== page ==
10. The good news: Many schools in the US no longer formally teach spelling. Most writing is done on chromebooks/computers/ iPads in schools, so all those errors will be automatically corrected. My husband teaches 7th grade English and I sometimes look at what students write when he brings home a pile of work to grade. Your son's spelling mistakes are no different than many students in his honors English class. I wouldn't worry that he isn't spelling words like Anglican, tobacco, cotton, or even persecution correctly. Bad news: I don't mean it really as bad news, but just pointing out that some kids have a difficult time visually imprinting correct spelling of words into long-term memory. Many people can just look at a word and figure out it doesn't look right and fix it. While structured phonics works incredibly well for reading, you can't "phonics rule" your way through spelling. If he can phonetically spell words, but can't remember these sight words, he needs to concentrate on the most important words. So I would not spend anytime on spelling words like "tobacco" and work on correctly spelling common words such as: which, were, where, off/of, follow, arrive, etc. More good news: The only spelling program that has worked for my 5th grade who makes similar mistakes - he can spell using phonics rules, but not sight words- is Apples and Pears. They really concentrate on the words that are most often misspelled because you can't just use phonics rules to figure out how to spell them. I love that they have a lot of dictation and repetition. Looking at how well overall your son writes, I am not sure he even needs such a structured program. Maybe just Level C or even just level D?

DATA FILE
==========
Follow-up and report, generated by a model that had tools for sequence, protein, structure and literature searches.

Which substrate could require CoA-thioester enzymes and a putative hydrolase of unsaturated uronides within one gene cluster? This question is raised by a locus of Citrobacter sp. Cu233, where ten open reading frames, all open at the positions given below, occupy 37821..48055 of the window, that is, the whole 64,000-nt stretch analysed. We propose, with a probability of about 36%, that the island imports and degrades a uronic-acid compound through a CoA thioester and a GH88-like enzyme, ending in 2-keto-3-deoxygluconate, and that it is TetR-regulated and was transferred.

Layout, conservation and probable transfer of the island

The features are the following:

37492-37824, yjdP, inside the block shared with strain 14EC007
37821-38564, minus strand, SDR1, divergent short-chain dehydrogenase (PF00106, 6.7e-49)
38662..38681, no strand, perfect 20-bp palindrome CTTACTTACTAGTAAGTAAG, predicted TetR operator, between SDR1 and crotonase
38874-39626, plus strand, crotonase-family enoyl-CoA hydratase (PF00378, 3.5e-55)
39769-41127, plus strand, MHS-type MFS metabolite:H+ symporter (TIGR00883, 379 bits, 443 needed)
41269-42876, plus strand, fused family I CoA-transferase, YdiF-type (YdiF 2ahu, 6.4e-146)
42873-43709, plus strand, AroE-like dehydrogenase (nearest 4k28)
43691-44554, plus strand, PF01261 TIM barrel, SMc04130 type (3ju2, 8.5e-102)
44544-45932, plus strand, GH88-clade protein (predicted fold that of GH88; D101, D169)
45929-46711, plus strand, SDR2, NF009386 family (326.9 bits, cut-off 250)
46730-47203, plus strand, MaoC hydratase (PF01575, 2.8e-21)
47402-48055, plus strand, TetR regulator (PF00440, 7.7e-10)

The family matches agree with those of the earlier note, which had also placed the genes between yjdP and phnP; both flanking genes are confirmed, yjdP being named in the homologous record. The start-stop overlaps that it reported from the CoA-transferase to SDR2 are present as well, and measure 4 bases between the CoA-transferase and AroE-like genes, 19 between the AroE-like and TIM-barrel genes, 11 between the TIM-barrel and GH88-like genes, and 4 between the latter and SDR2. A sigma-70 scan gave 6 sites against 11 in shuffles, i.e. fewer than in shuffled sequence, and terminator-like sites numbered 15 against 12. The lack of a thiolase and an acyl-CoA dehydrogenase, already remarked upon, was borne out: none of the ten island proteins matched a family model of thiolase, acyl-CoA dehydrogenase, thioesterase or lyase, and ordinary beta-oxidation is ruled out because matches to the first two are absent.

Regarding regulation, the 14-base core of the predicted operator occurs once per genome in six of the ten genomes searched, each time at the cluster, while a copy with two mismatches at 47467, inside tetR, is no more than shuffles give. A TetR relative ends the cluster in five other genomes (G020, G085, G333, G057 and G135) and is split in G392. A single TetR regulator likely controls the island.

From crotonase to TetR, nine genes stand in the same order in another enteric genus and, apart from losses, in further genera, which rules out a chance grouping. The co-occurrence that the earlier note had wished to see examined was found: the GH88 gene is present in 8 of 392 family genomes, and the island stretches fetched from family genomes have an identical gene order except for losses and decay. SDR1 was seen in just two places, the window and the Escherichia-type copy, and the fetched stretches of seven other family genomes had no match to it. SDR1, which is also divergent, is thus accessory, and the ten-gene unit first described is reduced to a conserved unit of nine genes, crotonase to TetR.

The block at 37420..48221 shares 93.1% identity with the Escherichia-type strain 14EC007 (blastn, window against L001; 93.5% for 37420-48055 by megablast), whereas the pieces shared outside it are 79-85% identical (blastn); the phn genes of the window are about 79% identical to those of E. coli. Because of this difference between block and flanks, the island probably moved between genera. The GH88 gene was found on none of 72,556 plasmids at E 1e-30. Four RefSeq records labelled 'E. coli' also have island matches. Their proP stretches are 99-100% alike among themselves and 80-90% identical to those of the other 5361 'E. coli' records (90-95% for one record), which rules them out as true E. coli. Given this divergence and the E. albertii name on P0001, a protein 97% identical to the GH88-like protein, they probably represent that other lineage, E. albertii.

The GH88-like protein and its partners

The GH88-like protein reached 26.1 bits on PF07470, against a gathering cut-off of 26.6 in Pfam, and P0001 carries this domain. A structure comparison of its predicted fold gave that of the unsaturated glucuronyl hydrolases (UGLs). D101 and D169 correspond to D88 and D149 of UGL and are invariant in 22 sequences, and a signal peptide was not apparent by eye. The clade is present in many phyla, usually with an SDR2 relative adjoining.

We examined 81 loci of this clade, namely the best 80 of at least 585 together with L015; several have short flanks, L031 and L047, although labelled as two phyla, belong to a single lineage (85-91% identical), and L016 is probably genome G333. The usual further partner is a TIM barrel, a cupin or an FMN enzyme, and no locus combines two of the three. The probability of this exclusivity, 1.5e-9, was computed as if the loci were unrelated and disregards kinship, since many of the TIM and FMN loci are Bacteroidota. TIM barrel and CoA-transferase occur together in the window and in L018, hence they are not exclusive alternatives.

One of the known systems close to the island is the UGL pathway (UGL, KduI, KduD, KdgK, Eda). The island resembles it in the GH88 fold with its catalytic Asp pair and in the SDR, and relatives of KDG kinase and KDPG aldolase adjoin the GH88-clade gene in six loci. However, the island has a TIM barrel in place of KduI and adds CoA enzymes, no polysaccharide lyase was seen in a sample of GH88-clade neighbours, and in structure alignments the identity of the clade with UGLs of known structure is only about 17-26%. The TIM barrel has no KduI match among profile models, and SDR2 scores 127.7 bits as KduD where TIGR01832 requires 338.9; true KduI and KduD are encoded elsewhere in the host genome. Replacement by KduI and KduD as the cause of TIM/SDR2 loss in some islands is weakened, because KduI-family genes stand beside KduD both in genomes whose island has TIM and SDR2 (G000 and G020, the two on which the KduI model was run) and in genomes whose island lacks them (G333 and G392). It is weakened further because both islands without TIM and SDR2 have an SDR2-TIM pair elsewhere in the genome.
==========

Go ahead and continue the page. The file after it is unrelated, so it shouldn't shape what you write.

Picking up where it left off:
11. Good question! I had another SOTW Book 4 from the library, so the younger brother was using that copy.